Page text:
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by Lorelei Kay


Water scented with chlorine
swirl around arms, legs, and thighs
in the Jacuzzi at 24-Hour Fitness,
as we exchange names.

I ask, “Just like the book?”  His
dark head of hair bobs up and down.
Eager to know more, I tease, “Have
you memorized the whole thing?”

“No,” he grins, continues,
My father chose my name.
Though raised Christian, he
converted to Islam in prison.”

I’ve heard of inmates kicking drugs
in prison, heard of inmates finding Jesus
in prison. But finding Allah in prison is
a new thought—and a bit unsettling.

The prison’s mantra probably isn’t,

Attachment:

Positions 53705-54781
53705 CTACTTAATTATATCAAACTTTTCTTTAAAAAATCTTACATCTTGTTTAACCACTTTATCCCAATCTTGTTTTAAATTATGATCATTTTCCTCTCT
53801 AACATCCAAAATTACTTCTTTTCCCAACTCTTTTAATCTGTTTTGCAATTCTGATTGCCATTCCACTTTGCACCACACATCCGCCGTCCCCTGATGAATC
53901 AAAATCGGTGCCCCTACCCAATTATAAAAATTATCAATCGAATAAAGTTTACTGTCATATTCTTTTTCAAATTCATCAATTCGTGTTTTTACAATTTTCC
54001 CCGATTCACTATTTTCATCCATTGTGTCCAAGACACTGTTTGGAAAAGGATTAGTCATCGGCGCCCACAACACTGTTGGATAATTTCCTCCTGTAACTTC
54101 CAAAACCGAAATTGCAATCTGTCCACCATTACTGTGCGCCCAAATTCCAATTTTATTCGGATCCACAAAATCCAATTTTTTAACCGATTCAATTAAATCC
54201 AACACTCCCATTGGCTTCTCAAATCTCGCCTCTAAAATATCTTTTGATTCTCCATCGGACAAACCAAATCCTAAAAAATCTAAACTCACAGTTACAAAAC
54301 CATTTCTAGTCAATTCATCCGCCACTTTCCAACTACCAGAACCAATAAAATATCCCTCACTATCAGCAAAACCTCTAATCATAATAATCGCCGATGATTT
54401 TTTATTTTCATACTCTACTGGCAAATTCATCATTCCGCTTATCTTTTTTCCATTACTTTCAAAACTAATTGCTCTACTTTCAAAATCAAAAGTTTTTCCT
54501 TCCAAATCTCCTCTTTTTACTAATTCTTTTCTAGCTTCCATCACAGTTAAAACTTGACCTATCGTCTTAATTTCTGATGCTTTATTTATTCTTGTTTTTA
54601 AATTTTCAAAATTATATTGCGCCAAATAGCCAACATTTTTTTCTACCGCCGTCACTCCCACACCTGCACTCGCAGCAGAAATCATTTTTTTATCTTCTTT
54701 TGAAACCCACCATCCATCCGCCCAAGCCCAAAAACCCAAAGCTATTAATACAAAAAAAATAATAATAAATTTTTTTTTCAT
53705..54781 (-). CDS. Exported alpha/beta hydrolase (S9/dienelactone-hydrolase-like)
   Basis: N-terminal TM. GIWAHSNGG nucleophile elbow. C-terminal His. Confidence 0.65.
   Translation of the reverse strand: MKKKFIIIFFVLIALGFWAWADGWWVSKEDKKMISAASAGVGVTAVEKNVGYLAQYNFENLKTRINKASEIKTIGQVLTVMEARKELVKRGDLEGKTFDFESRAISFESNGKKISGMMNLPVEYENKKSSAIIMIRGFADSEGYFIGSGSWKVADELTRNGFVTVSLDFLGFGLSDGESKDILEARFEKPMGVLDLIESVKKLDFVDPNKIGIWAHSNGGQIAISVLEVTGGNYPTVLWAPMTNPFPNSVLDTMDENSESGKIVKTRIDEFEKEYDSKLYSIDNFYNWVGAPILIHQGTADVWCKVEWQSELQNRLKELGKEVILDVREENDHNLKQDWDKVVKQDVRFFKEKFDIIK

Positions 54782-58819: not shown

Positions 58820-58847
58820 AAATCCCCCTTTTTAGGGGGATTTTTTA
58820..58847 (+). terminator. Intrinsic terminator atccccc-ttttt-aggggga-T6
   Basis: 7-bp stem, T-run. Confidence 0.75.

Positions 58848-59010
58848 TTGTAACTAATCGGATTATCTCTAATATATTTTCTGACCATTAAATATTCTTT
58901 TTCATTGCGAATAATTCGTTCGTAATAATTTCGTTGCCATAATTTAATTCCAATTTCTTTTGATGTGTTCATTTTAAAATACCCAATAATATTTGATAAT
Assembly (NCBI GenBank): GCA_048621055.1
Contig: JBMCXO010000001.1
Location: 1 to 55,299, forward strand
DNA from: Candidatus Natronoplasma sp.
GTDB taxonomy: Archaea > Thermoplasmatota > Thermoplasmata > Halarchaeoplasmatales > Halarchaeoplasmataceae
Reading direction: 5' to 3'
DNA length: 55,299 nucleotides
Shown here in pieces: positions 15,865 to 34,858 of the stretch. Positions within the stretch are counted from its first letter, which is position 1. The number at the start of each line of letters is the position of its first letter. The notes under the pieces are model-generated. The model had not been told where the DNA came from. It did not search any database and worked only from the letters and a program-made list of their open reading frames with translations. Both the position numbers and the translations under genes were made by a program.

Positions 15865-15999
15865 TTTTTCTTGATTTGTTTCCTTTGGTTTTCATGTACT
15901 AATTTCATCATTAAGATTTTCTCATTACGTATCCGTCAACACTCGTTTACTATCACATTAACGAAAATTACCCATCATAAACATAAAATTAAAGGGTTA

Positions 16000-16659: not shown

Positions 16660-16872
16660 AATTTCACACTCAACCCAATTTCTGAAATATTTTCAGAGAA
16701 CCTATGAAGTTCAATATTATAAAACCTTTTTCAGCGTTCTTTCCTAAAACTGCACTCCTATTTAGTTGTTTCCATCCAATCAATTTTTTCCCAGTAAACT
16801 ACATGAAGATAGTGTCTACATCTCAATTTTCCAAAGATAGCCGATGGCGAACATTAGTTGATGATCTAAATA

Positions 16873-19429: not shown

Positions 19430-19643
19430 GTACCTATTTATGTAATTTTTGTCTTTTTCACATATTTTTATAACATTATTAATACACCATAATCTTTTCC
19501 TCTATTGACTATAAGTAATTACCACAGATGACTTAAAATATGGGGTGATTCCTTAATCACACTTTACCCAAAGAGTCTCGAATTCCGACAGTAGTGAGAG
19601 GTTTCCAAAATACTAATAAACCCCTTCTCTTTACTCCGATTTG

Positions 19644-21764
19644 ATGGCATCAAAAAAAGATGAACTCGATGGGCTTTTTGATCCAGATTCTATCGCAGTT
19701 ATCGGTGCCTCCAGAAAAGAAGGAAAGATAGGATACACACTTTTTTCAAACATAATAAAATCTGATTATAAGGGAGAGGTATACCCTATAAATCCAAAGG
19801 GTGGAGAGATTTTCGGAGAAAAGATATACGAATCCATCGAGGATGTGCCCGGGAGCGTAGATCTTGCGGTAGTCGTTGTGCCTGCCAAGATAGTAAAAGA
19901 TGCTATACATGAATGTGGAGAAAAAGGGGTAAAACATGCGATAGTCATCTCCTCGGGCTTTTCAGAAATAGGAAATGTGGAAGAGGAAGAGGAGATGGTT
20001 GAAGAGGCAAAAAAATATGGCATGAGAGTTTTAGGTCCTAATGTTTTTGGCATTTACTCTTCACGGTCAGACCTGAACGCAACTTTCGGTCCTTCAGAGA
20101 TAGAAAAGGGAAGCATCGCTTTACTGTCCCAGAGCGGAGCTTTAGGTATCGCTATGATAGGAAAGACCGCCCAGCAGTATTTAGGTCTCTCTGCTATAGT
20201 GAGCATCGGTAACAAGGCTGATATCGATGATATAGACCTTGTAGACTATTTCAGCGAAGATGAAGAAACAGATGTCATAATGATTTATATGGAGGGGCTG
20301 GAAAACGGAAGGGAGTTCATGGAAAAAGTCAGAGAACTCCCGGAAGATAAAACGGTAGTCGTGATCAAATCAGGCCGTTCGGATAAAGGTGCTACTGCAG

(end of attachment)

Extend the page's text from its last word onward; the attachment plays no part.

“Go to prison—find a new God.” What
was the catalyst for change? Longing for
a new God? Rebelling against an old one?

The ramifications float around like
boats in a rough sea, stirring up
questions, and bumping into each
of our own perceptions of God.

I ponder my own faith. Would it sustain
me if I were locked up in a cell? Or would
I, too, climb aboard a whole new religion—
if it could save me from drowning.



Lorelei Kay became hooked on poetry when her dad helped her write her first poem. She later attended Brigham Young University on a scholarship in journalism. Her poems have appeared in anthologies, online publications, and magazines. She also won the 2021 San Gabriel Valley Poetry Contest with her poem, Straightening Flower Fields. Lorelei has served has served as a poetry judge for the California Writers Club Literary Review, on the Blue Ribbon Judging Panel for Scholastic Arts and Writing Awards, as a poetry judge for the California Writers Club Literary Review, on the board of the Mohahve Historical Society, and also on the board of the High Desert Branch of The California Writers Club.